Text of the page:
Nowadays, we are lucky that our everyday lives help us develop these social skills through different means, starting with the roommates we have in college and share the same personal space with for a certain amount of time, all the way to the explosion of social media and all the chapters it has gained control over. Getting along with your work colleagues gets easier, helping them is not a great effort, and managing to transform these connections into beautiful friendships becomes more natural.

But once accepted into this new environment, what’s next? Usually, the companies have put in place multiple career paths for their employees that could be simplified into two: the management line or the skill line. Of course, the knowledge of the field weighs heavily when it comes to upgrading on the company ladder, but it is not the only deal breaker that would happily complicate your life.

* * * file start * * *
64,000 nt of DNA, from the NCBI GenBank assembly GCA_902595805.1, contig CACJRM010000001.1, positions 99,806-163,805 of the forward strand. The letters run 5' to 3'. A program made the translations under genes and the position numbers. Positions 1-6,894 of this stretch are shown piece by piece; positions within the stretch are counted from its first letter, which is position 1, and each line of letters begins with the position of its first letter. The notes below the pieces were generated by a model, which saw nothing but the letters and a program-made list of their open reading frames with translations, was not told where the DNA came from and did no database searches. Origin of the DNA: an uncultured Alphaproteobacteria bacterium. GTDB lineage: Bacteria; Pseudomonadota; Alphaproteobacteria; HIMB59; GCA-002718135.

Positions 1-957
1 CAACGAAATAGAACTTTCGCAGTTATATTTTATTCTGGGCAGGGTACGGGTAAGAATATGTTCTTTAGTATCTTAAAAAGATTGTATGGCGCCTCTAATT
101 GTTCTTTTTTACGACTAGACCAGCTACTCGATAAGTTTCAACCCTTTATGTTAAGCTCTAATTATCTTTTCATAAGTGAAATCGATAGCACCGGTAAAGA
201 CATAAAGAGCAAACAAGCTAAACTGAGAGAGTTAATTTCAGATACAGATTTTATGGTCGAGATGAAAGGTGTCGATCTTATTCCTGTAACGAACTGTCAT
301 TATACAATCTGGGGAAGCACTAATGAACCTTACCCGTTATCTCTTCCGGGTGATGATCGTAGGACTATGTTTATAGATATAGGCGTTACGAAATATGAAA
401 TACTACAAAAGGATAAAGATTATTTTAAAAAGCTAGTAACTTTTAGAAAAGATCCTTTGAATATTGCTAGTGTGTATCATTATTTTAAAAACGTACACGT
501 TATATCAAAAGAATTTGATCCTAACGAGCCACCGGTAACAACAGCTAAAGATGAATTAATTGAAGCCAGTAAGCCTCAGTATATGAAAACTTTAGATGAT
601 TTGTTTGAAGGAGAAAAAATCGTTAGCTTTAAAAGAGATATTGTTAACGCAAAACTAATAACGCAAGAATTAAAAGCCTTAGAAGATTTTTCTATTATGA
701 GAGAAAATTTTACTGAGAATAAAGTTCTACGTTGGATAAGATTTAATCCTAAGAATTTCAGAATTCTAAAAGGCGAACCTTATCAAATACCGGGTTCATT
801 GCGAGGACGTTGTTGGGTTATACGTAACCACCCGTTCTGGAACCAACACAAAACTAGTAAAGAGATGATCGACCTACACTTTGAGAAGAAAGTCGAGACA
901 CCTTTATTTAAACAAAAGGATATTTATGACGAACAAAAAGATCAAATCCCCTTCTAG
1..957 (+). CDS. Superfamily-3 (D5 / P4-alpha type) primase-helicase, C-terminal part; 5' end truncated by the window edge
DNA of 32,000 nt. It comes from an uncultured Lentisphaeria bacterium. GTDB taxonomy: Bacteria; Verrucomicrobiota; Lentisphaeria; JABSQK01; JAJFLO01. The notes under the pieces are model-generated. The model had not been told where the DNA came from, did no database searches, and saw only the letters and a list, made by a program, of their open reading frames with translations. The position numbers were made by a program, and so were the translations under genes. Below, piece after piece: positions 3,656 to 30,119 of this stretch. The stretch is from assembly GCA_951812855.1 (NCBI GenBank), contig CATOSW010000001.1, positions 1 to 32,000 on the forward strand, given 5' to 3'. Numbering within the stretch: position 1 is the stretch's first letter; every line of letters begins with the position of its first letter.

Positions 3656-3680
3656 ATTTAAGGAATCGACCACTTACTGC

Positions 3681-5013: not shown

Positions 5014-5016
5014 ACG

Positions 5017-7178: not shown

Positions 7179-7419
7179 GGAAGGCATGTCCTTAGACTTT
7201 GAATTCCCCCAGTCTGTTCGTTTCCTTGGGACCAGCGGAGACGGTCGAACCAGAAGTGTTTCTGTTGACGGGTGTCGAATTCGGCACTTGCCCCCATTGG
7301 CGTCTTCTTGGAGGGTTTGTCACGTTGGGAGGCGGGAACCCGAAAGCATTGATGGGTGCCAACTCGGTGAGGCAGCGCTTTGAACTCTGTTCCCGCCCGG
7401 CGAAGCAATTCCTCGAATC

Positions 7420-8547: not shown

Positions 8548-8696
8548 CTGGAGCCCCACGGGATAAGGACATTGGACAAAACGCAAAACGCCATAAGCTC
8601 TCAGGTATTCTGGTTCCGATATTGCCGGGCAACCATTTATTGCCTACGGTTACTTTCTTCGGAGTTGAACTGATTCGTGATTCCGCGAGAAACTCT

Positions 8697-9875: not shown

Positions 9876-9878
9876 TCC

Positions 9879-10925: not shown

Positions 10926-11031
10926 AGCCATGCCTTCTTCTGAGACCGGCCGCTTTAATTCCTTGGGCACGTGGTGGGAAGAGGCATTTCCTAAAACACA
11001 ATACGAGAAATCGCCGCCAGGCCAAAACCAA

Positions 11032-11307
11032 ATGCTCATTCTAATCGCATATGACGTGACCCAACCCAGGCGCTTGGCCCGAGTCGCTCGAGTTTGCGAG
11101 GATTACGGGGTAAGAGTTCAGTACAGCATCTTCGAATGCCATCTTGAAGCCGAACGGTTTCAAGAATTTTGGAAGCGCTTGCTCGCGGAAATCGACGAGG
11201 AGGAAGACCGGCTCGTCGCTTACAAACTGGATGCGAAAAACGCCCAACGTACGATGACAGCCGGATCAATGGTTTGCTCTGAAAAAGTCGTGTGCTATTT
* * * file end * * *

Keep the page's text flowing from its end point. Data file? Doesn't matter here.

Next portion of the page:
Any path you would choose for yourself between the two mentioned above come with great challenges, the first one implies getting in contact with more people in different positions, maybe a role of intermediary or coordinator between different parties, while the second one implies great effort in expanding the knowledge on different technologies, languages or procedures, putting more responsibilities and pressure into the process of making the final product before delivery. In order to get prepared to cross that bridge when you come to it, here are some less common social skills that, if possessed, would help you in any path you’d like to follow and that are the result of a long and easy to pursue a process that comes with benefits for your personal life as well.

1. Teaching